They sat in the back. A mother, a grandmother, and two grandfathers. As 180 neared its conclusion today I keyed in on the two elderly men, one at a time. The first lives several miles away in inner SE Portland. He was visiting his grandchildren in the neighborhood. Happy to see them going to church, he beamed at their joy. He was raised in the church, but has not attended in a very long time. I invited him to come. Turns out he has no reliable transportation due to his age and disability. We will be working on figuring out how to help him get here. Because he matters. I told him so. He teared up. In Christ our hearts bonded during our brief conversation.
And then a similar conversation with the other grandfather. He does live in the neighborhood. I invited him to church as well. I think he was surprised; not in a bad way. Although language was a bit of a barrier with him, I made it clear that we want him here. That we care about him and his family.
Both of these men are the elder statesmen of their families. I include immediate and extended households in that statement. As someone who primarily ministers among youth and children, I understand that I must intentionally engage and honor their elders at home and in the neighborhood.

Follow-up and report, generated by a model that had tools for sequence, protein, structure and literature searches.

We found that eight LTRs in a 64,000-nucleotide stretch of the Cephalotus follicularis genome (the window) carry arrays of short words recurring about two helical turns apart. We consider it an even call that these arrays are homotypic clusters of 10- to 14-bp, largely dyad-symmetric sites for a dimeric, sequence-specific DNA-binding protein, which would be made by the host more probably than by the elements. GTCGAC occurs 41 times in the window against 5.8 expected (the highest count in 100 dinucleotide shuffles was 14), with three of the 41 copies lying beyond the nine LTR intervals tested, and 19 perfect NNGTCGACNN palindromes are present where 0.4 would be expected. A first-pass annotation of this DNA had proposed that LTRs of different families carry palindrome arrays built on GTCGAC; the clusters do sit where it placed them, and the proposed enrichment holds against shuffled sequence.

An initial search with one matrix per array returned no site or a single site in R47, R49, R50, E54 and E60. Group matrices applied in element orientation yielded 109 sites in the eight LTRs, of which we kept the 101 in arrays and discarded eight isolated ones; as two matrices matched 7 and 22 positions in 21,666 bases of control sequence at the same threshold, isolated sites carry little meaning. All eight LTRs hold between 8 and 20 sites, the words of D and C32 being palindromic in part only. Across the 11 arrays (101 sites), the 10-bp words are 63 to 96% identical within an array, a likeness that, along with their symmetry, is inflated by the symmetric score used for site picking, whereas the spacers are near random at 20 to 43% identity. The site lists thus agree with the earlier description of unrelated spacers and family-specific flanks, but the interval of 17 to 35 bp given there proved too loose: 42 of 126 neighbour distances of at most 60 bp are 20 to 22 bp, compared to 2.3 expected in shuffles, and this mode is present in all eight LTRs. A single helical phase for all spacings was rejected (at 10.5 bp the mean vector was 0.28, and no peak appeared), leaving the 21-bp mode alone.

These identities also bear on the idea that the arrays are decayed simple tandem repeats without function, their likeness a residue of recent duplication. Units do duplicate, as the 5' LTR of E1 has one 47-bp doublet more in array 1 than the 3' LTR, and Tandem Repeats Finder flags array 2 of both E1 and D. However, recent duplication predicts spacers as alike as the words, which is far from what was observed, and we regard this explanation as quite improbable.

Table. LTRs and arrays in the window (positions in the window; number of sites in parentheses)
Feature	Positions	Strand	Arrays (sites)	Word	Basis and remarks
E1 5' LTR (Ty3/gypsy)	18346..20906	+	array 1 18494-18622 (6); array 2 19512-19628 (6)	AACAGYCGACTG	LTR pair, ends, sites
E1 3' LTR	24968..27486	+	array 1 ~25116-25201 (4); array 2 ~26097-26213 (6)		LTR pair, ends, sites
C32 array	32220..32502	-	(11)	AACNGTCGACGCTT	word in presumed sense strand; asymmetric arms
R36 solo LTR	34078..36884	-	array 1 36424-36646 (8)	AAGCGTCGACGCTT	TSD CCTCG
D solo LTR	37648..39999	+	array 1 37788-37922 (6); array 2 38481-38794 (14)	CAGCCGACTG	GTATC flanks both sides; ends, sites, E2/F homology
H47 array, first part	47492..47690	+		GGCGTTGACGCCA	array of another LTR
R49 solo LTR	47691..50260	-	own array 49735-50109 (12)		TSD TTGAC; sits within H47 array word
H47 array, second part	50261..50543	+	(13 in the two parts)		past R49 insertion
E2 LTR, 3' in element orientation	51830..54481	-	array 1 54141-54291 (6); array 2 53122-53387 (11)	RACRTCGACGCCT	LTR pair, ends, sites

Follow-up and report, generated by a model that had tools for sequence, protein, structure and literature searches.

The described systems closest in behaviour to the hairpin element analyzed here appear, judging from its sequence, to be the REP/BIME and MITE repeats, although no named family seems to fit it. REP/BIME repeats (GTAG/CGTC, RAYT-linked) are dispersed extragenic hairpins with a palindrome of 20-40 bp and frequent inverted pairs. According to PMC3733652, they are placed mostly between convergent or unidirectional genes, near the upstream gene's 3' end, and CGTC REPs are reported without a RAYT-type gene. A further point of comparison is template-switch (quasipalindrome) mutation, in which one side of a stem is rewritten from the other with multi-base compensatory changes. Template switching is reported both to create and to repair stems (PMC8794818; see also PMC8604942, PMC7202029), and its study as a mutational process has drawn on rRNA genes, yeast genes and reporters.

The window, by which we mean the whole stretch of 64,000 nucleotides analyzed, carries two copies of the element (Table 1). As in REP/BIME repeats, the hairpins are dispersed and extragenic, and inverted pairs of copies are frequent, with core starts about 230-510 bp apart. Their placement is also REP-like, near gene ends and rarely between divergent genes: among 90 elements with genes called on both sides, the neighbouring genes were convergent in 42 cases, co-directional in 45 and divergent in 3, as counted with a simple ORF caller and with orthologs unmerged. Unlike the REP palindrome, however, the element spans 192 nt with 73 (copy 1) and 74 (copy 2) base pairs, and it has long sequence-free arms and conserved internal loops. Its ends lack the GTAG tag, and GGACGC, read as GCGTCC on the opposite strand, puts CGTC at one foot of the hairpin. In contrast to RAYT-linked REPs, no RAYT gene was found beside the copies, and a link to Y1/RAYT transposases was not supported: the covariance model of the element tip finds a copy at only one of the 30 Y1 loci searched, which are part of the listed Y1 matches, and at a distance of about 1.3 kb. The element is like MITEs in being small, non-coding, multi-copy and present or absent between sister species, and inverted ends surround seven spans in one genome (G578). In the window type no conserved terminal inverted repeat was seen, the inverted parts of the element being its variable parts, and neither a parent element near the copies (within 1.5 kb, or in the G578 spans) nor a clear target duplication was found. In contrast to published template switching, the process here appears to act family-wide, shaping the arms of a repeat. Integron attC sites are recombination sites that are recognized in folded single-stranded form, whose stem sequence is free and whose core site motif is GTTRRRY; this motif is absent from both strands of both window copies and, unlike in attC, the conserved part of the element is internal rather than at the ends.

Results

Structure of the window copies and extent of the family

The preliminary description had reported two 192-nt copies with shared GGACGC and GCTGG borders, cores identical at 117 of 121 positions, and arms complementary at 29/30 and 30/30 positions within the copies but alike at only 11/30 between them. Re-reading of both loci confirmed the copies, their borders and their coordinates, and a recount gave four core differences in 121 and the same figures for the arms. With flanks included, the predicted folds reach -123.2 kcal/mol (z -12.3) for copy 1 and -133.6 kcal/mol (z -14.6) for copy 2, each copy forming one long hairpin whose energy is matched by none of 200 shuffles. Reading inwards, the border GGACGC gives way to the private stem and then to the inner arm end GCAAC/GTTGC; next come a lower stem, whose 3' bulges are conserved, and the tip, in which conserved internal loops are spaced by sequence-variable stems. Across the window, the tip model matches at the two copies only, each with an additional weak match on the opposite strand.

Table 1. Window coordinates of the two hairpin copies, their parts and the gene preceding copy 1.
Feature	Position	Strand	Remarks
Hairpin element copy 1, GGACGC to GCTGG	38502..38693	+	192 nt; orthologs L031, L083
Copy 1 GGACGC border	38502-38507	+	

What a privilege. A handshake and arm around the shoulder as a sign of respect for the first gentleman. A handshake and bow of the head for the second. Both from different cultural backgrounds than mine and each other.
Urban mission to youth and children must include whole families. If it doesn’t, then all we are doing is offering seasonal activities with no incarnational relationships which provide common conduits for doing life together in the daily routines of community. So, with the unabashed faith of my young friends in the neighborhood in the photo below, I pray that God will grant us wisdom to break down walls of our own construction and those of the culture so that Christ may help us to learn to love each other as he commanded in Scripture.